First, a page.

Santa will need to redirect a few presents this Christmas, as two Kākāpō are to be discharged from Auckland Zoo to fly home to Whenua Hou Island in time for Christmas.
Cyndy, an adult female, and Huhana 2-A, a juvenile, are being discharged from Auckland Zoo on Wednesday morning, where they were treated for aspergillosis - a fungal disease which infects the respiratory system.
Their stay follows an unprecedented health crisiss for the endangered species: nine kākāpō have been killed by the disease this year, four of whom died before they even left their home island.
The two have remained under the watchful eye of veterinary staff since May this year.
Their departure leaves just three kākāpō at Auckland Zoo, with two more expected to return home next month.
Auckland Zoo Resident Vet Lydia Uddstrom said as much as the team loved the kākāpō, they were excited to see them return home.
"We love and adore them, but its very much time for them to go home and get on with being kākāpō," she said.
Huhana 2-A will now spend some time getting used to the outdoors on Whenua Hou Island.
"When they've been in the zoo they've been in very strict quarantine, so they've not had any access to the outside world," Uddstrom said.
She will need to learn skills such as how to climb up and down trees, as well as to take shelter when it rains, Uddstrom said.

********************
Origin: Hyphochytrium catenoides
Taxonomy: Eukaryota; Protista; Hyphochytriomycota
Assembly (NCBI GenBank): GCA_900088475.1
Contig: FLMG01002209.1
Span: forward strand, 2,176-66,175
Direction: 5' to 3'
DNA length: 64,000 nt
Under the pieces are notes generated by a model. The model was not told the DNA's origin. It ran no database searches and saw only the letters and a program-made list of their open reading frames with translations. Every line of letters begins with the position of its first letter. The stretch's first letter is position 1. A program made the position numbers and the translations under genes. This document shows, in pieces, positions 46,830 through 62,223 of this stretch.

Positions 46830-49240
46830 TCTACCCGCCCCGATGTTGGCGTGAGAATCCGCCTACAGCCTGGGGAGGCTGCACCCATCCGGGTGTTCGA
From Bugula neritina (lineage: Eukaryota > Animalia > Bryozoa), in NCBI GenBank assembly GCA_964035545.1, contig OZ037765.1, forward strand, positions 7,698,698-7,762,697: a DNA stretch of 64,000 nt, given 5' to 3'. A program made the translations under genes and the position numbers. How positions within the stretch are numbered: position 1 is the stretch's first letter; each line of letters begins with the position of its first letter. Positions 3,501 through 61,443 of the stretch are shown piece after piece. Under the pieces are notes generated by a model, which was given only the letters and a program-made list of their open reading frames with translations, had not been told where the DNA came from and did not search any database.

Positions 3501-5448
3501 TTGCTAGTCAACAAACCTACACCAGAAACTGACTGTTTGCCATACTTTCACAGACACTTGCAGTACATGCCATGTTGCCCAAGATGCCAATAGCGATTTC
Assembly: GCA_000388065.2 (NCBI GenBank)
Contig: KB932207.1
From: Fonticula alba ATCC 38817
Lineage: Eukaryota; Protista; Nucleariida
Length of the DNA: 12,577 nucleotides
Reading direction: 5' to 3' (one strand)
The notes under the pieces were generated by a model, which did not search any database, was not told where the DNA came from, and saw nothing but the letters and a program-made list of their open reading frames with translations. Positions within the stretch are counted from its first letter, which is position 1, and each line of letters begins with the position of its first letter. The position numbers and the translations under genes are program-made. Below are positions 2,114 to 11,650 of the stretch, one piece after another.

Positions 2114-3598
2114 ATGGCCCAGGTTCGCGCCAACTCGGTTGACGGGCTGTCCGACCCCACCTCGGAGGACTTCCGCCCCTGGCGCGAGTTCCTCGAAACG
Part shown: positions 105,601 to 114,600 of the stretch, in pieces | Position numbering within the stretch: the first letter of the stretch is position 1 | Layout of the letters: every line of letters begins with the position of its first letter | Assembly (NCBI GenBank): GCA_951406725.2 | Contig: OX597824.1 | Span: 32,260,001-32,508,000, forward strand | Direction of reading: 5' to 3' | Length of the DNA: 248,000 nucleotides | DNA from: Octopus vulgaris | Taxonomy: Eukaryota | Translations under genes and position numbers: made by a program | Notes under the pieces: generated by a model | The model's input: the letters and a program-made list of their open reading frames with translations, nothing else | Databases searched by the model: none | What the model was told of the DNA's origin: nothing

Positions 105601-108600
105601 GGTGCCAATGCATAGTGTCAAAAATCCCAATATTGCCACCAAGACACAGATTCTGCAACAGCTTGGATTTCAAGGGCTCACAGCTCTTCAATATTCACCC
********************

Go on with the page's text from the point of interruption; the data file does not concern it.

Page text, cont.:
Uddstrom said the juvenile bird was "a little shy", but like any young parrot interested in exploring her environment.
"It's amazing to watch them explore the world," she said.
Originally from Stewart Island, Cyndy, an adult female, will return home.
She was "very tolerant" of the veterinary treatment she had to undergo, Uddstrom said.
After a "huge effort" from all involved in treating the sick birds these past months, Uddstrom said she is "cautiously optimistic" that the worst is over.
"It's so hard to diagnose sometimes you don't actually know until the bird is dying," she said.
"At our peak time we had 19 birds in hospital."
The Auckland Zoo veterinary team undertook at least 60 CT scans, over 1433 diagnostic tests, 7 endoscopy procedures and 170 anaesthetics or sedations as of this month.
"Since April, 28 individual birds have been assessed at the Zoo," Uddstrom said.
The team also had to feed, collect plants, clean the kākāpō pens and house each bird.